Lemonade takes a fixed commission out of your premium of 20% (and another 20% every year you renew with them and pay another premium). So if you pay $1,000 a year for home insurance, they will take $200 of that a year, book it as revenue, and the other $800 goes into actually covering damage to your home and stuff. The $800 gets split into two parts. $400 for immediate short term payouts (or claims) made by policyholders. If the claims made by customers in a given year is “light” and there is some of this $400 left over, they donate the leftover to charity. This is to encourage people to not “cheat the system” and prevent insurance fraud, because you are effectively stealing from a charity instead of the insurance company. Up for debate if this actually works. The other $400 is set aside for long term “bad years” or catastrophic payouts where there are a lot of big claims. Instead of taking all the “bad year” risk themselves, they buy reinsurance. It’s like insurance for an insurance company. So if there is a really bad loss year, they can still afford to pay out the large $$$ claims and don’t go bankrupt. However, of the $400 in reinsurance, lemonade says that they only buy $200 of this reinsurance “externally” and $200 of this reinsurance they keep in house. Meaning, half the time, your bad years are basically being “reinsured” by other policyholders, kind of like a standard insurance company.
Lemonade’s structure and value proposition are leveraged by the company’s spinmeisters to contrast themselves with traditional insurance companies. Their marketing disparages traditional insurance companies who by and large have worthy reputations and aspirations towards their customers.
One of Lemonade’s major propositions is to position themselves to appear more like a charitable non-profit. Though the company’s uniqueness brings a new twist to a 300-year-old financial concept, for some it might be disappointing to learn that making money is still a top priority.
What is purportedly different about how Lemonade works – and – how do they compare to traditional insurance outlets?
Purchase Insurance Online Only:
- In the FAQ section of Lemonade’s website:
- “Can I sign up by phone? Answer: Lemonade will be available for signup through our mobile apps and our website”
- JD Power reports that 34% of customers state they would most prefer to purchase a new policy online. Many traditional outlets allow online purchases to be made, in
additionto supportby phone or a local agent.
- Lemonade’s stated goal “is for the majority of simple property claims to be paid almost instantly”. Their claim statement goes on: “There will be cases in which we’ll need to fully review the incident to approve the claim, and there will be property damage claims or liability claims that may take longer to settle. If this is not the first loss you are reporting, or if some of the information we require is missing from your report, our team will need extra time to manually assess the incident and will most likely get in touch with you for further review.”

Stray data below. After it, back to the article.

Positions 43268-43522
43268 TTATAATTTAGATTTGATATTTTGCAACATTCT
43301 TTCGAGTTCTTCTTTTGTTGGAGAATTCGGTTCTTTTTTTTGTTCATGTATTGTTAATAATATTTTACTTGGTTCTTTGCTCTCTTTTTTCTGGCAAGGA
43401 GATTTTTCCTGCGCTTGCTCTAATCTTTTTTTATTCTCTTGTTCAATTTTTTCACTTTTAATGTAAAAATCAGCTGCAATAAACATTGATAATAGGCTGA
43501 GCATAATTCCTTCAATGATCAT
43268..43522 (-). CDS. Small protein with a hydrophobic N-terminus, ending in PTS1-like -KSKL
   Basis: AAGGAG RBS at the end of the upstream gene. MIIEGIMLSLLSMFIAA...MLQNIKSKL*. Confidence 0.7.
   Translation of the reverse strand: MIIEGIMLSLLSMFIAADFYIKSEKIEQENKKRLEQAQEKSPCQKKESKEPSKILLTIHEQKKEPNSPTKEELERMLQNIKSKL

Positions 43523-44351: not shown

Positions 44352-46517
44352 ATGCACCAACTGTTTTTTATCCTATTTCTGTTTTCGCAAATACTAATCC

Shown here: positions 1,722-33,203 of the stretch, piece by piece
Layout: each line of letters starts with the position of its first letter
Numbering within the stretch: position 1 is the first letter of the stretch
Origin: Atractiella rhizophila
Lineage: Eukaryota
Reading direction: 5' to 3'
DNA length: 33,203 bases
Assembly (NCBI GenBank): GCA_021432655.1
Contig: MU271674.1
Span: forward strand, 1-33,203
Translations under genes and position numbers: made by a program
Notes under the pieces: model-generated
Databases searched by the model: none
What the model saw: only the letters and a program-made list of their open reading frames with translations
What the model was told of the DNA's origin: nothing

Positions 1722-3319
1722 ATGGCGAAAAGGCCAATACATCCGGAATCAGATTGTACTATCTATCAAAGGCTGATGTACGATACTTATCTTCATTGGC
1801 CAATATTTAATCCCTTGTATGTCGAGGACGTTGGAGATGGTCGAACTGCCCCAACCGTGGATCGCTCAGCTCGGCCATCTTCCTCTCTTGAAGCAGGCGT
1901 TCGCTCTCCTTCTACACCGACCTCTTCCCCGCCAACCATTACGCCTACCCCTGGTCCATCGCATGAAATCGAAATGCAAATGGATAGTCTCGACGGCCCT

- What is a “simple” property claim? Possibly a theft? Fact is, most property claims of any size are rarely simple. Common fire, smoke or water losses involve coordination with adjusters and contractors knowledgeable in that field who can physically investigate the scope of the damage. It will be interesting to see what Lemonade deems eligible for “instant” payment.
Limiting Expenses to 20%: (Update… now 25%)
- Lemonade’s model of holding expenses to 20% is facilitated by their automation (only) rating and underwriting process.
- Traditional insurance carriers expense ratios for Homeowners and Tenant insurance average in the 30% range. However, company limits on expenses are not new. Erie Insurance is a well respected 100–year-old insurance carrier that structurally limits their expense ratio to less than 25%. Erie sells products much more complex than just homeowners and tenant insurance, yet maintains that expense factor.
- In March of 2018 Lemonade increased it’s payment to parent and affiliated companies to 25% retroactively to January of 2018.
- Lemonade’s “giveback” program allows customers to designate a charitable organization for their “giveback pool”. Giveback is at the discretion of the company’s board after paying for reinsurance (40% of premiums) – plus – claims (%age unknown) incurred. The Board of Directors have discretion on the amount of giveback paid, and the money is disbursed over a 4-year period… that is… assuming a customer keeps their policy in force.
- Giveback program is the foundation for their admittedly arguable claim of being a “peer-to-peer” organization, and a gamble that policyholders attracted to their program will be less prone to moral-hazard losses.
- By and large, traditional insurance carriers are already a giving bunch. The US Property and Casualty industry gave $575,000,000 to charity in 2014.
- According to BCorporation.net: “B Corporations are for-profit companies certified by the nonprofit B Lab to meet rigorous standards of social and environmental performance, accountability, and transparency.”
- This ties into their model of giving back to charity. It may be the most notable difference Lemonade brings to the table. Making the company accountable to B Lab’s “Best for the World” standards is a distinction that sets Lemonade apart.